In this talk His Holiness turns to one of his favorite themes: the importance of compassion. Far from being a uniquely Buddhist concern, the Dalai Lama explains why caring for others can be the basis for a rich and rewarding life for all people. Whether one is a Buddhist or not, whether one is religious or not, a concern for the welfare of others is just good common sense. Compassion changes egotism into empathy, and transforms fear into freedom. It is the basis for both personal and communal peace. Series: Voices [9/2009] [Humanities] [Show ID: 17091]
His Holiness the XIV Dalai Lama: Ethics for Our Time
Making a praikrama (walking round Mt. Kailash) wash your sins away. Specially when this is done on an auspicious year or time. On such an occasion a circuit equals to 13 circuits completed during the year.
Buddhist, Hindus and Bonpo faithful consider Mt. Kailash as their sacred land. The mountain is known as the throne of “Shiva”, a powerful God in Hindu mythology. Buddhist considers it as Kang Rinpoche, the precious Snow Mountain. Devotee of Jain religion considers the peak as Mount Ashtpada. Rishabanatha, founder of Jain faith, believed that he gained spiritual liberation on the summit of Mt.Kailash. Bon-po, pre Buddhist religion in Tibet, believes that this is the ‘Nine storey Swastika Mountain’ that lead to the heaven.Mount Kailash ( Tibetan: Kang Rinpoche) is a sacred mountain in the far west of Tibet. Hindus regard the peak as Shiva’s symbolic ‘Lingam’and worship Mt Kailash, which is the Sanskrit name for the mountain. Bonpos believe the sacred mountain to be the place where the founder of the Bon religion landed when he descended from the sky. Tibetan Buddhists believe Kang Rinpoche, which means Precious Snow Mountain, is a natural mandala representing the Buddhist cosmology on the earth and the Jains believe this is the place where their religion’s founder was spiritually awakened.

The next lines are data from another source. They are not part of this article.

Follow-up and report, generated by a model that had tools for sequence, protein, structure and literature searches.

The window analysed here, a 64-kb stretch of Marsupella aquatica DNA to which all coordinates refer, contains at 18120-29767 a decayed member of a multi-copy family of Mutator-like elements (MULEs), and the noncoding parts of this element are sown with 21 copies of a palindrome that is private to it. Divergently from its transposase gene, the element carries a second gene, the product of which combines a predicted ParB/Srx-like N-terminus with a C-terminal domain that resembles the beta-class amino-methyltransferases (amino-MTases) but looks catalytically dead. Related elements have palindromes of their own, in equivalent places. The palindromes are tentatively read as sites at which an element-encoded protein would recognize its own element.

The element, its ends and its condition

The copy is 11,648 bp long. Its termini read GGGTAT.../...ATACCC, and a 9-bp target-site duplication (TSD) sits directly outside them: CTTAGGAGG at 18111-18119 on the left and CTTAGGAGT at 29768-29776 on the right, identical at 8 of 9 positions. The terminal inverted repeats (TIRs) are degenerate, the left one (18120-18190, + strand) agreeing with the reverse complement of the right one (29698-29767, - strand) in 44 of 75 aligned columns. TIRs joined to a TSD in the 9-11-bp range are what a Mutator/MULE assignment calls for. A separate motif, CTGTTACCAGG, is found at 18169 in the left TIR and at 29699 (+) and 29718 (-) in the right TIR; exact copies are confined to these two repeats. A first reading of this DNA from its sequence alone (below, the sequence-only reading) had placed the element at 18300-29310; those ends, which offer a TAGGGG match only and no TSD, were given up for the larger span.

Going to extremes – Mount Kailash (Video hosted on Youtube.)